In so-called whole genome sequencing, surveys are made of the total genome of an individual. It is still relatively rare in healthcare today, but it occurs at an increasing rate, for example in order to make an accurate diagnosis in the case of a rare disease. A genetic mapping of an individual is routinely compared to a so-called reference genome, a description of the human genome that is considered to be "standard." In such a comparison, approximately 5 million deviations are normally found. Most are without any major significance, but some of them can cause disease or disabilities.
Now researchers at Karolinska Institutet have re-analysed the whole genome for one thousand Swedish individuals in the SweGen cohort studied in collaboration with Uppsala University and for each one circled the sections that do not match the reference genome. In the next stage, the researchers have analyzed this particular non-matching genome. This work entailed the identification of 61 000 DNA sequences, which is a volume equivalent to approximately one whole chromosome. These new sequences, which are not included in today's reference genome, affected more than 80 genes, of which a dozen are linked to various diseases.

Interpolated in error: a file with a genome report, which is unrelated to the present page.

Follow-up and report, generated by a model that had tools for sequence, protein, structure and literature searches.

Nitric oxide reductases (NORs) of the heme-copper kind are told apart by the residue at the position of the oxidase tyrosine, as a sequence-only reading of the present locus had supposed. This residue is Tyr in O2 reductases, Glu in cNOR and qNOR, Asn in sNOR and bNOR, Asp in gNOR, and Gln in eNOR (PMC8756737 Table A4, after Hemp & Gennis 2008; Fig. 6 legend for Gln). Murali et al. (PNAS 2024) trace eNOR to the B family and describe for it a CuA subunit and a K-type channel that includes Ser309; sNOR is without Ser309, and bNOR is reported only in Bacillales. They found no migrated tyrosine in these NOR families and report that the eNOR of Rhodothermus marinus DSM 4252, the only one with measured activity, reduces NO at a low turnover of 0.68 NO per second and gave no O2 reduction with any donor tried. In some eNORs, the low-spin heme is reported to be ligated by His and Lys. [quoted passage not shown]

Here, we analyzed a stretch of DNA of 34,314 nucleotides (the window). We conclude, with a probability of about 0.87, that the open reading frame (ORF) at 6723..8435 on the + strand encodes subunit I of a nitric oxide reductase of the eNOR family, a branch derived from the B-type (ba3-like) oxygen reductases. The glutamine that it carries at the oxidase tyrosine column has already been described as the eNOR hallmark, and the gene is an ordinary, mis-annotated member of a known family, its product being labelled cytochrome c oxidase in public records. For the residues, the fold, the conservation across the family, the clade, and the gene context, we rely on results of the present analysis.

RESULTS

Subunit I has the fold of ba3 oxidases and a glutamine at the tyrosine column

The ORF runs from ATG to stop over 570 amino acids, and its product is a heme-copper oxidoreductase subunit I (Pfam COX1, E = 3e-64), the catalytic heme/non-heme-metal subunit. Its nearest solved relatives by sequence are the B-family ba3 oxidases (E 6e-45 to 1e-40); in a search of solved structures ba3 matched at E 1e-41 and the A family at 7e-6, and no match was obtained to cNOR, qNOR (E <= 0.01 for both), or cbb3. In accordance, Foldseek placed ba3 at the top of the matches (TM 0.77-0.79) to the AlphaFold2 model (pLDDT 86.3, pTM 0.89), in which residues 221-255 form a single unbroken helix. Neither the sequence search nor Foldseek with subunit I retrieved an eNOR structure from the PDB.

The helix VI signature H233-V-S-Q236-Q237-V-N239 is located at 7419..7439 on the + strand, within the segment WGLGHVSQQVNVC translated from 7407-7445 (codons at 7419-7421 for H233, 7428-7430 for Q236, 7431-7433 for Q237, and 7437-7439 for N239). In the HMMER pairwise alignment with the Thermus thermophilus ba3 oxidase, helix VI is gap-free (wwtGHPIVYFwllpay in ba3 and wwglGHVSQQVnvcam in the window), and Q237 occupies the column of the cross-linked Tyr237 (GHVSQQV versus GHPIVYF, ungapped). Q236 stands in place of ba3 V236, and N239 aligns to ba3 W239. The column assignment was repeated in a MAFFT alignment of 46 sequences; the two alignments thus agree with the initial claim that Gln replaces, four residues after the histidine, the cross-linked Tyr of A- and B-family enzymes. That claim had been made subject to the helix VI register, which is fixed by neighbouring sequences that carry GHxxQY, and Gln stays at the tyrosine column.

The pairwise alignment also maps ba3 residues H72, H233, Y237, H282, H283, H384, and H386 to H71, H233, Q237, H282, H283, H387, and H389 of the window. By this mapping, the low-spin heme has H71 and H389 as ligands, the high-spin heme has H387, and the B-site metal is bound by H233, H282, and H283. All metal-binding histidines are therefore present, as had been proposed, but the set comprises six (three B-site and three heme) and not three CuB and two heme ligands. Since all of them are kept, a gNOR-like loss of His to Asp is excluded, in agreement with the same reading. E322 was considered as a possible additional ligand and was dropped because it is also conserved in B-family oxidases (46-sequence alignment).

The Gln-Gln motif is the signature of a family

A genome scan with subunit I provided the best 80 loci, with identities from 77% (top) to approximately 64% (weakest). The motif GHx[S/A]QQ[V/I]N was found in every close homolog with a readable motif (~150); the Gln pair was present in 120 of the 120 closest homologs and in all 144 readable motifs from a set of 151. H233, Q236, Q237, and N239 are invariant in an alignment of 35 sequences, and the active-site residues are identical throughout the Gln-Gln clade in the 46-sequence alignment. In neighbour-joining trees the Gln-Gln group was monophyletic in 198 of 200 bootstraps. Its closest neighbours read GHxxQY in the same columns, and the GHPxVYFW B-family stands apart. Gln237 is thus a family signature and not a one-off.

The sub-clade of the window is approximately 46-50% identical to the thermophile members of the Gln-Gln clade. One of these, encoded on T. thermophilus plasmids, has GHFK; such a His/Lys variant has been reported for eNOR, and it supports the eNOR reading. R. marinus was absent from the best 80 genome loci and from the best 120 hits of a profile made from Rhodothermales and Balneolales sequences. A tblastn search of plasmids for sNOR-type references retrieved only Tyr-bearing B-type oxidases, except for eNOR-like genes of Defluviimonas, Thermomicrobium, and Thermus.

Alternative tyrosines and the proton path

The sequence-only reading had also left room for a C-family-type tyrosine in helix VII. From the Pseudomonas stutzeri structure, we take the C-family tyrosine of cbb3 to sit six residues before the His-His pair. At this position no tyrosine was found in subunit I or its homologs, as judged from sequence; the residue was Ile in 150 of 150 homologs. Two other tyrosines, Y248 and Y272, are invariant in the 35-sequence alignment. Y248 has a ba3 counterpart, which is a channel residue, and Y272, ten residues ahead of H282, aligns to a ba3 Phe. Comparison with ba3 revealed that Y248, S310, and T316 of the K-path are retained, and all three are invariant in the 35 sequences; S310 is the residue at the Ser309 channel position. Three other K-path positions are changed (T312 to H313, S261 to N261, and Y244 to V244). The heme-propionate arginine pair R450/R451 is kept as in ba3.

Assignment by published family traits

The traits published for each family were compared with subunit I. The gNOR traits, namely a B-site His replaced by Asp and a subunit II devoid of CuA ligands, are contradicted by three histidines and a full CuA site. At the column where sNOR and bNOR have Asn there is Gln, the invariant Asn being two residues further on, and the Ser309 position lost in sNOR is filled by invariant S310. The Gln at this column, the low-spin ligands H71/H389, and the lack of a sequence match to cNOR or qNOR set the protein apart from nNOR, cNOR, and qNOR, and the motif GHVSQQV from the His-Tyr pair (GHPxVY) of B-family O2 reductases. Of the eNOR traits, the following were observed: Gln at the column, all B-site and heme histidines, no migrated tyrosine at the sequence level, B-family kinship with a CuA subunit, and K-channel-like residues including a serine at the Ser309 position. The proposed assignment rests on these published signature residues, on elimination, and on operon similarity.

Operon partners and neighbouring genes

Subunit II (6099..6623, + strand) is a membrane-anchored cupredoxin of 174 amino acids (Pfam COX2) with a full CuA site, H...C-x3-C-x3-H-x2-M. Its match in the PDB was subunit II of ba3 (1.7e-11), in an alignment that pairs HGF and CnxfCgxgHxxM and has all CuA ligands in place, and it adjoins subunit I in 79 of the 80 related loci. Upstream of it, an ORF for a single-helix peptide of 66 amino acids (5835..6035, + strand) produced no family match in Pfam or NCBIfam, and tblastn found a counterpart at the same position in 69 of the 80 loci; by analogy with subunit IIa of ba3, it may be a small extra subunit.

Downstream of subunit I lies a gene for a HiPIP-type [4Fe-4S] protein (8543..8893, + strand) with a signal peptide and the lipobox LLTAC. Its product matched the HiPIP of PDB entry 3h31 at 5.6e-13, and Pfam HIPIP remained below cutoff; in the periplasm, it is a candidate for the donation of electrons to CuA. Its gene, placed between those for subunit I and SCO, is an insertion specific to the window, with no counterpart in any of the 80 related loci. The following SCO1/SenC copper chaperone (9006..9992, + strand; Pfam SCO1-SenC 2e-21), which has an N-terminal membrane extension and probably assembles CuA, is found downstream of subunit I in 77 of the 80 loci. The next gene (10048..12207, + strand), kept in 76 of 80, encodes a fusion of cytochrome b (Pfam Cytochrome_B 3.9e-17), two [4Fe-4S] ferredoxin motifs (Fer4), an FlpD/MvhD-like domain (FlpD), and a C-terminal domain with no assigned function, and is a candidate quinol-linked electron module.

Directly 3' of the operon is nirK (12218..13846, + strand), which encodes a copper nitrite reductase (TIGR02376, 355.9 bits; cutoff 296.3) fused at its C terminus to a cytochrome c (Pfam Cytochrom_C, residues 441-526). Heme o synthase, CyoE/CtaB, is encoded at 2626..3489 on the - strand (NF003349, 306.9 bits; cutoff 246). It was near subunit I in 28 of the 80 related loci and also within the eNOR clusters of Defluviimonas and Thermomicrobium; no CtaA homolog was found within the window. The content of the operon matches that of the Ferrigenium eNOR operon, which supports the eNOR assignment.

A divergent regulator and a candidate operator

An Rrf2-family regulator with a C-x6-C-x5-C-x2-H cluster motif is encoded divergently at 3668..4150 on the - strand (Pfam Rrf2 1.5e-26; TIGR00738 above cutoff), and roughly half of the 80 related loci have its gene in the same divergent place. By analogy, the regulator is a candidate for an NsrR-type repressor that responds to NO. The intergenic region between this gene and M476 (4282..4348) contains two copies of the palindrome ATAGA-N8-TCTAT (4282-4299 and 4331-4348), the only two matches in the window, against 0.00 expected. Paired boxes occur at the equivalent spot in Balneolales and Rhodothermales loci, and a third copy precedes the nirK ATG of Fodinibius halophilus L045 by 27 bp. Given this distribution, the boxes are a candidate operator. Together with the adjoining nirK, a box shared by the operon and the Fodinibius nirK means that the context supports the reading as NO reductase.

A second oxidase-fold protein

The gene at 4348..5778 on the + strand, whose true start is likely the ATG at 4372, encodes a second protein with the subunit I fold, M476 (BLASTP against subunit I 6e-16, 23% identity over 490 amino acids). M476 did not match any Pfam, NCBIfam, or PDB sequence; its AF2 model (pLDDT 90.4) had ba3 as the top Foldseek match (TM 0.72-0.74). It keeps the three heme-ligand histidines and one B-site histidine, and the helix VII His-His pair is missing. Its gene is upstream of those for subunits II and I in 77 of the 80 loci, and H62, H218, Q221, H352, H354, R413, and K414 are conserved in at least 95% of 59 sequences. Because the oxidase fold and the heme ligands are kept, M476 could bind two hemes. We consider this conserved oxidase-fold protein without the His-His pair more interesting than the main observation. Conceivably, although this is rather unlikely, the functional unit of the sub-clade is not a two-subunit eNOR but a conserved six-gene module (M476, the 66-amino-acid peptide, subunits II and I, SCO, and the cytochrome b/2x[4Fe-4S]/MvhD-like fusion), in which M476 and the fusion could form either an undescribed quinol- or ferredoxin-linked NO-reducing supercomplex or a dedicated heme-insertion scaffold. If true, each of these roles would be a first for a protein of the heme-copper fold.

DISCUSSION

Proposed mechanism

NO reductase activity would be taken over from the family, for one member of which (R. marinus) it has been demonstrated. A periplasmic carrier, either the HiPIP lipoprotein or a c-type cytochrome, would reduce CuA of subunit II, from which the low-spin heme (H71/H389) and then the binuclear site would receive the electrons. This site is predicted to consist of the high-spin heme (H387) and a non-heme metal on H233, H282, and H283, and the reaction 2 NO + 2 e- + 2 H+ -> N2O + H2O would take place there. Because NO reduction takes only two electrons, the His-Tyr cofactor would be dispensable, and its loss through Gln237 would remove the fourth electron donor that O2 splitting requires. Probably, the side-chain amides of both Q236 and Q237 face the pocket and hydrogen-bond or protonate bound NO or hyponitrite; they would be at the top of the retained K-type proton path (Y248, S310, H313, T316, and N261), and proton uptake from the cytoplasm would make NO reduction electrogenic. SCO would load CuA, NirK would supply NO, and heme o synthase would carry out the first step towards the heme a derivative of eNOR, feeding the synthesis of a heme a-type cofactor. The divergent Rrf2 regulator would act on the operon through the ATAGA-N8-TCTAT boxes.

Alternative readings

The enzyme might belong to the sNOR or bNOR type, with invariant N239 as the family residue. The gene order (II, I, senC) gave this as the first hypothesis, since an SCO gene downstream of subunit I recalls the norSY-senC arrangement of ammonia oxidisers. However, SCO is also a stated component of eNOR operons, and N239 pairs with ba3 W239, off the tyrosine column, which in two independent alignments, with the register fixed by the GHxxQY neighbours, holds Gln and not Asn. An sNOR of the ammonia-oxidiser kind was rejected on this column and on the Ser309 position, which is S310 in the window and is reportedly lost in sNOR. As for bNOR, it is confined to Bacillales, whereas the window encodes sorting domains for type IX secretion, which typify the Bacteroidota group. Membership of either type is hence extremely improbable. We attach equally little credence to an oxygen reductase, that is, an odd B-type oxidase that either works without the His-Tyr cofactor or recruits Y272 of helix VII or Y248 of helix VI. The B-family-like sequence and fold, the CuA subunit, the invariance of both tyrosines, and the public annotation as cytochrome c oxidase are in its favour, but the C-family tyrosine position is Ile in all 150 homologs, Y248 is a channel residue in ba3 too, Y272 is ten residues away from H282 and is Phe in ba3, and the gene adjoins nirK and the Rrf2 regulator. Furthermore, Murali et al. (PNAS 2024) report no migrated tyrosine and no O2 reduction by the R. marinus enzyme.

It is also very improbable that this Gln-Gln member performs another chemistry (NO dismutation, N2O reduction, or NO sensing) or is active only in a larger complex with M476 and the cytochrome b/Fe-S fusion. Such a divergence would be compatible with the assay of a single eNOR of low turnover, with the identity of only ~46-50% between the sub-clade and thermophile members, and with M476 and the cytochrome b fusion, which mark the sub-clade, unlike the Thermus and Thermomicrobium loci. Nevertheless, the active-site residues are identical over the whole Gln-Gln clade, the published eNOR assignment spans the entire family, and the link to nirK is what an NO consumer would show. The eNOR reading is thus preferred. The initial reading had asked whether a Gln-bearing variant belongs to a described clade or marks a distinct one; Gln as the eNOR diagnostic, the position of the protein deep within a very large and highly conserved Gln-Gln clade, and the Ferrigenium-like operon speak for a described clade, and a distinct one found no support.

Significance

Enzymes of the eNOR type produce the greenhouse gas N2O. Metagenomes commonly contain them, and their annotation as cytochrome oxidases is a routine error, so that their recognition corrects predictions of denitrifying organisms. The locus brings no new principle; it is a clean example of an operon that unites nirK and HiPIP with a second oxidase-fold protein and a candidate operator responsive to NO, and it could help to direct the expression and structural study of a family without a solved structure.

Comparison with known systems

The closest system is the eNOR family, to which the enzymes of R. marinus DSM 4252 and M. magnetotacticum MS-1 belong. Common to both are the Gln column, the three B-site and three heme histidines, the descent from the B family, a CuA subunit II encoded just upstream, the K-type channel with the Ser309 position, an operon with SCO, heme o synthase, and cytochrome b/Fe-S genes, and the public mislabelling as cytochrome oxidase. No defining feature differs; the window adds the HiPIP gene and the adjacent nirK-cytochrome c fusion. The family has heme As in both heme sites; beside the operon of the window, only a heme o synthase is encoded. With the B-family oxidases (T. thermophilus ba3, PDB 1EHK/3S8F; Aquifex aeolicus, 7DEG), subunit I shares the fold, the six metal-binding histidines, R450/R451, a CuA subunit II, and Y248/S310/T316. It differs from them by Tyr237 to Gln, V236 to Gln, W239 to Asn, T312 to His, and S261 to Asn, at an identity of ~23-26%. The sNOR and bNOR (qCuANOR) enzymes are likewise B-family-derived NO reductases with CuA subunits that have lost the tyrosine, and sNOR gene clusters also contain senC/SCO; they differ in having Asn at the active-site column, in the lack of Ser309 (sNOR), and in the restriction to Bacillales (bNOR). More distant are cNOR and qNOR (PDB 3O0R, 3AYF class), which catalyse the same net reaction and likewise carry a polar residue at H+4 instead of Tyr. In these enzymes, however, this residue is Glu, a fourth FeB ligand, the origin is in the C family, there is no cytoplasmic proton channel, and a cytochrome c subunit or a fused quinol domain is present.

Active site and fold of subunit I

The researchers then went on to further analyse these new sequences. They were compared to the genome library available for chimpanzees, for the African population as well as for Icelanders. As it turns out, this work paid off - it turned out that these new sequences, identified in one thousand Swedish individuals, are largely found in all of these populations. This means that they are very old and that they are well distributed in the human population.
"The non-identified genetic material that we have not previously been able to match against the reference library during whole genome sequencing, proved to be normal variants of our genome, in many cases ancient," said Jesper Eisfeldt, Civil Engineer specializing in biotechnology and PhD student in the Rare Diseases research group at the Department of Molecular Medicine and Surgery at Karolinska Institutet. "This shows that the human genome is more heterogeneous than previously known and as a result we need to update our reference genome. But it also shows that we are more like the chimpanzee than we previously thought and that more in-depth studies of the chimp's genome are necessary in order to understand human genetic diversity."
The study was published in the advanced online edition of Molecular Biology and Evolution, and made possible with funding from the Swedish Research Council, the Brain Foundation and Region Stockholm.